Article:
Carter wanted more for her own daughters, who spent far less time than their mother wondering if they were good enough. When she was 11, Lexi spent the summer in Grenoble, France, as part of Children’s International Summer Village, while Cali went to Argentina at the same age.  “The objective was to get them to realize that we’re more alike than we are different,” says Carter, who took her parenting philosophy from Kahil Gibran, author of The Prophet. “He believed that our children come through us but they don’t belong to us; they belong to the world,” she says. Today Lexi works for The United Negro College Fund, while Cali designs jewelry for Lorraine Schwartz, whose clients include Beyonce, Blake Lively and Kim Kardashian. “I called Cali one day and she says, ‘Mom, I’m with Cardi B. I have to call you back,’” says Carter with an unmistakable note of pride.

A fierce advocate of diversity, Carter notes that in 2010 demographics had shifted enough in this country that for the first time ever, 50.5 percent of the population was non-white. For Carter, those numbers represent an opportunity, one that she recognized long before she had the statistics to support her theory that ignoring large groups of people is not only socially irresponsible but also fiscally irresponsible.

Because there was no hair care line on the market that addressed the needs of her diverse clientele, Carter joined the Society of Cosmetic Chemists and created her own. “For years my kids thought that everyone’s basement was where your mother did the laundry on one side and formulated hair care products on the other,” she laughs. Still, she had a hard time convincing other salon owners that her products worked across all demographics. She still shakes her head when recalling a sales pitch she made to a large chain of drugstores that had devoted roughly four feet of shelf space to “ethnic hair care.” “I didn’t even know what that meant, ethnic hair care,” she says. “I mean, I understood the psychology, but this was the 21stcentury and the word ethnic meant something entirely different.” Carter’s own children are bi-racial. Their father’s grandparents, she explains, were Jews who escaped the Holocaust, came to New York City and raised their family in Alphabet City.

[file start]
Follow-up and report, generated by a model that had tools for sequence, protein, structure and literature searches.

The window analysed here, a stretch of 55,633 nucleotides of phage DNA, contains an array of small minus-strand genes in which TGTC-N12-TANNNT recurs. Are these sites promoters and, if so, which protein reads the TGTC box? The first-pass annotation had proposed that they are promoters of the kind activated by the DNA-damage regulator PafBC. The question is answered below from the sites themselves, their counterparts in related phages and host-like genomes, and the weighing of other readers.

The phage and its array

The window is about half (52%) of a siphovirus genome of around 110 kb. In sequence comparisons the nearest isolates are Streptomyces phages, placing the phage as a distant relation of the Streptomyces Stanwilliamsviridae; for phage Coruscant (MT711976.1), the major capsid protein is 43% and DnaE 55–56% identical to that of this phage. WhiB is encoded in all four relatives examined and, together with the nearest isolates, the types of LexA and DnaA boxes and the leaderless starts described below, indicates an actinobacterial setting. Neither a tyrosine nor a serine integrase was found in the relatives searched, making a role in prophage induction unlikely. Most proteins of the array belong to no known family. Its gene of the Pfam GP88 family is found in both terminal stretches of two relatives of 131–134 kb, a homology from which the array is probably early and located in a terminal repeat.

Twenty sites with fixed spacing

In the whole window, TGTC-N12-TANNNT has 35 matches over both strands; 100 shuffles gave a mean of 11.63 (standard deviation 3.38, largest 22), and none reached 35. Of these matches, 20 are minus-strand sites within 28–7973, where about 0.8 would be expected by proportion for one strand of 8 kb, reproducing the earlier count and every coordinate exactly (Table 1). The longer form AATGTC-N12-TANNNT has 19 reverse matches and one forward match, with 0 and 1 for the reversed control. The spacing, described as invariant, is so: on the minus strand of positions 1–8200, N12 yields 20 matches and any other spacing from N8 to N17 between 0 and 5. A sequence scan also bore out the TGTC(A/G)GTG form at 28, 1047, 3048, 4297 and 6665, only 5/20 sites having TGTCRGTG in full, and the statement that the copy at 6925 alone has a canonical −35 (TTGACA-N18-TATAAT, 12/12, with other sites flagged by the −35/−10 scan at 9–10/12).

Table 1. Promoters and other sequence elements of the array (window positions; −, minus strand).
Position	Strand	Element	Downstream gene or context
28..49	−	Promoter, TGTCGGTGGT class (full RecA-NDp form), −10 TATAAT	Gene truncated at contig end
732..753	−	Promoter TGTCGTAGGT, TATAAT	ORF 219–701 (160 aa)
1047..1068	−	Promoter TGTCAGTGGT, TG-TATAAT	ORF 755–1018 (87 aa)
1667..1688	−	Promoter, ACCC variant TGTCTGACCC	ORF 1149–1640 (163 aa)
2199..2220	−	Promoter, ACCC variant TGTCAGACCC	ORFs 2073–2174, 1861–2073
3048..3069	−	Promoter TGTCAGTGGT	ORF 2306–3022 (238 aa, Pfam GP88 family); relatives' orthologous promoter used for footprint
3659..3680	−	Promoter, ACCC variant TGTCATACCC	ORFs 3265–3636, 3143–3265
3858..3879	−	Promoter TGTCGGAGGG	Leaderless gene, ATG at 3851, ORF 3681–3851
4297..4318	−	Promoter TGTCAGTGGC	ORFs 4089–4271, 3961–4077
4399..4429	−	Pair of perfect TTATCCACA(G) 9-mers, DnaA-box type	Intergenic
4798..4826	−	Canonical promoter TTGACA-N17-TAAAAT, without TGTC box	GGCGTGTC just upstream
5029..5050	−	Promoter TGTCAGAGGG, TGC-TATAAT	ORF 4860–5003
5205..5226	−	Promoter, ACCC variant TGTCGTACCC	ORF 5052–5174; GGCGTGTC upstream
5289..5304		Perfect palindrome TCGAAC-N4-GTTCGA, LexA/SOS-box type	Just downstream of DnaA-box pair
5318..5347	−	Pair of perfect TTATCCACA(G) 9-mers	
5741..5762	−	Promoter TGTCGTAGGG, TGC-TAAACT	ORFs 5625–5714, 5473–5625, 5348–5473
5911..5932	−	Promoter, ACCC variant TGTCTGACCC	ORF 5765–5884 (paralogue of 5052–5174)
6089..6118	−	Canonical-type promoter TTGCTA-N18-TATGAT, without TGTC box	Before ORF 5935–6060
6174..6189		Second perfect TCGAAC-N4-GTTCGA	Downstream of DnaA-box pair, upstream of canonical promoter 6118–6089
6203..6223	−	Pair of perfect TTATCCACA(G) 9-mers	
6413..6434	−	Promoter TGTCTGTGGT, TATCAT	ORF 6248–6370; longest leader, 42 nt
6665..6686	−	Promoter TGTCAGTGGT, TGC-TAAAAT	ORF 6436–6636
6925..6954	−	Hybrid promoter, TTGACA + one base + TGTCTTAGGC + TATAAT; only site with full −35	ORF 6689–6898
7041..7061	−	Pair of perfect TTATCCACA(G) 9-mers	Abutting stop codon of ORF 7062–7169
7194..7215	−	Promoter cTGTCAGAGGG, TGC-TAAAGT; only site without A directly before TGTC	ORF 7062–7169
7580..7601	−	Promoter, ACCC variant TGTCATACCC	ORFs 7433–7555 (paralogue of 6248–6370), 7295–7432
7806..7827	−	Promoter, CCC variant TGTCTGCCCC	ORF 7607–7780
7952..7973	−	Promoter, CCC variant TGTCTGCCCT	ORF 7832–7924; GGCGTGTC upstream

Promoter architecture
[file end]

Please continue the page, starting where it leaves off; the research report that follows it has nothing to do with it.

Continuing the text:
Eventually, people came around, and by 2005 her company, Jane Carter Solutions, was so successful that Carter was able to sell her salon and devote herself fulltime to expanding her business. Never one to let the grass grow under her feet, Carter has been writing a book calledCalm Down, Gurl. She’s also set up an LLC called Distinctly Diverse and would like to open a color bar with the same name. “I’d like to be the voice of diversity in beauty,” says the woman who saw the writing on the wall long before anyone else. It’s a safe bet that if anyone can do it, Jane Carter can.